In my view the importance of AR and veganism is to keep the flame burning so that if ever a revolutionary situation develops, then those ideas can be added to the mix. Times of social upheaval always give rise to a ferment of new and radical ideas and anti-speciesism should be part of that.

      But even if the revolution’s a long time coming, being involved at a grassroots level – I’m a great believer in local groups – is a good way of getting the AR/veganism message and small gains and victories are vital too. Seeing loads of people come to a vegan event like the one I helped organise last week is great for morale.

      You say the reason for the decline in AR may have been due to “the politics of the anarchist ghetto” or Total Liberation as some call it. This isn’t true because those ideas only emerged after the wave of oppression had set in and led to low morale. This was also tied up the rise of social media like Facebook which really kicked in around 2010/11.

      I don’t like the term Total Liberation but it’s a response to views that animals should come before people and for example fascists should be welcomed in if they say they believe in AR.

      As for the 2012 gathering, I’ve looked at the workshops and there were ones on the badger cull, vivisection, vegan campaigning and even using the political system to end animal abuse. So real bread and butter stuff. True there were others on fracking and land struggles but I went to them and it was clear they are animal rights issues as well. There was also a legal talk and even a very informative workshop on vegan nutrition by Stephen Walsh (if we aren’t healthy then we can’t be useful activists).

      So I thought it was a good gathering with a wide range of informative workshops. There was a clear sense of purpose about it and I think your problem appears to be it didn’t have enough of the “get out there and get at them” about it.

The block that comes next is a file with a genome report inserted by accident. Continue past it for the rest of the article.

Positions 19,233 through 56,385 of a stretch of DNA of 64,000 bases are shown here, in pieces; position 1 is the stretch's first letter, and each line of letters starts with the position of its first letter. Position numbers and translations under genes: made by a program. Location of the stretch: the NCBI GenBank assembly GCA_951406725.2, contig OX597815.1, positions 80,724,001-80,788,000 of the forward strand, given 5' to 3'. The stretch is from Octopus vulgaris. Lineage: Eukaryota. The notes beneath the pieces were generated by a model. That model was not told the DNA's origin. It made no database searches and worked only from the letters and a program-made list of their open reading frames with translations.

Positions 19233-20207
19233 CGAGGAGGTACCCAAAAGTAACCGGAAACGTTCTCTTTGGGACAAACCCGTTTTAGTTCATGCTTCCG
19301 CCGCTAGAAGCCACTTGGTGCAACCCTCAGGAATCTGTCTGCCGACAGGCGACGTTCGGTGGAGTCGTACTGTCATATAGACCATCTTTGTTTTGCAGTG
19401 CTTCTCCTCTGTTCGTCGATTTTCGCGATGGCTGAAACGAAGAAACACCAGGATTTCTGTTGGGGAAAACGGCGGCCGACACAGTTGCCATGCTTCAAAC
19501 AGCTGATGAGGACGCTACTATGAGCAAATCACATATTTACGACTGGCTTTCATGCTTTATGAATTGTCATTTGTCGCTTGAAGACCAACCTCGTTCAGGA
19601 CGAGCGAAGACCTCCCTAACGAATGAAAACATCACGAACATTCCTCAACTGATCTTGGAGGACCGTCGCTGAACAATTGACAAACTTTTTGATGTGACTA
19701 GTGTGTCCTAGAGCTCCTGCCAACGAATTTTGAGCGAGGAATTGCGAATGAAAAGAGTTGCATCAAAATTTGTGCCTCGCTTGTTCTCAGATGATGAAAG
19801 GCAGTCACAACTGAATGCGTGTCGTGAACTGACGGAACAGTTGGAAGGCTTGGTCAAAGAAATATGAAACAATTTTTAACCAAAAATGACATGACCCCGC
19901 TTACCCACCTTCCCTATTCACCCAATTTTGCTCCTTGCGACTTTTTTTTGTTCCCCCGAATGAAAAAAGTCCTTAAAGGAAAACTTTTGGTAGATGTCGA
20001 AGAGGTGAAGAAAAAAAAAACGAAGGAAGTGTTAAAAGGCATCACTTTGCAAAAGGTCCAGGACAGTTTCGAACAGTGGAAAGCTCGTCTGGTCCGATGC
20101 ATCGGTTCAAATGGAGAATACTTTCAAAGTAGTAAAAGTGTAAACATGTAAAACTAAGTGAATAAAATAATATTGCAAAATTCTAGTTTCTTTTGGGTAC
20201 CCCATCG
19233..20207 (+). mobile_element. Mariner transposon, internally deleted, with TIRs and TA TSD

If there’s a gathering next year perhaps you should ask the organisers if you can do a workshop about it?!

  4. Zek pretty much summed up what I have to say on this subject. Barry did what he believed in – whether or not he chose a different path was up to him. I’d rather die fighting for change, then to sit on my sofa wondering if I should go down path a or b or c and contemplating my navel. There are many roads to changes – what crap to say there is only one and that one is the right one…things don’t change like that.

  5. Who is? Do you think the Guardian would approve of this article? Barry put himself forward as a figurehead with a strategy others should follow and therefore it’s justifiable to analyse that strategy.
    His character isn’t in question; everyone who knew him says he really cared about animals. But we are entitled to ask whether what he proposed was achievable. Would the state and the ruling class have given the animal rights movement what it asked for? if not, how could we have won our demands?
    Barry’s hunger strikes were designed to bring about the end of vivisection or at least a reduction in the number of animals used and I’m sure he (or anyone else around then) wouldn’t have believed how terrible the situation is for laboratory animals right now.
    In trying to understand how we reached this state, it’s perfectly legitimate to look at the role he played, whilst at the same time recognising his strength of character and dedication.
    As for of anarchism being idiolised (do you mean idealised, idolized or both?), there are examples of working class anarchist movements in many countries, although it’s true that anarchism has appealed to others too.
    I certainly don’t idolize the working class but neither do I believe that animal liberation is possible within capitalism or that the animal rights movement can bring it about on its own.

  6. Its a bad historian who limits their sources to one or two choice quotes made under uncomfortable circumstances, persuambly ones they’ve never experienced, to judge a man’s life, character and work.

    The problem with the article though, is that its demostrates the achivements of militancy – the strong campaigns against the animal breeders, and the government pledges and promises – (made by, I must note, a party set up to represent the interests of the working class.) yet gives a rather subtanceless answer to a vague and unclear criticism.

    Whats the solution to the problem? Some idiolised anarchist revolution perpetuated by some imagined working class. Perhaps you could tell us why, outside of the example of catalonia an epoch ago and indigenious peasant communities of latin america, anarchism has never really appealled to the working class? Much less so than animal rights.

    You said it yourself, Barry was a working class man, from a background in left-wing politics, and he believed in militant direct action for the animals. That’s good enough for me, but then i’m not looking for praise from the fucking Guardian.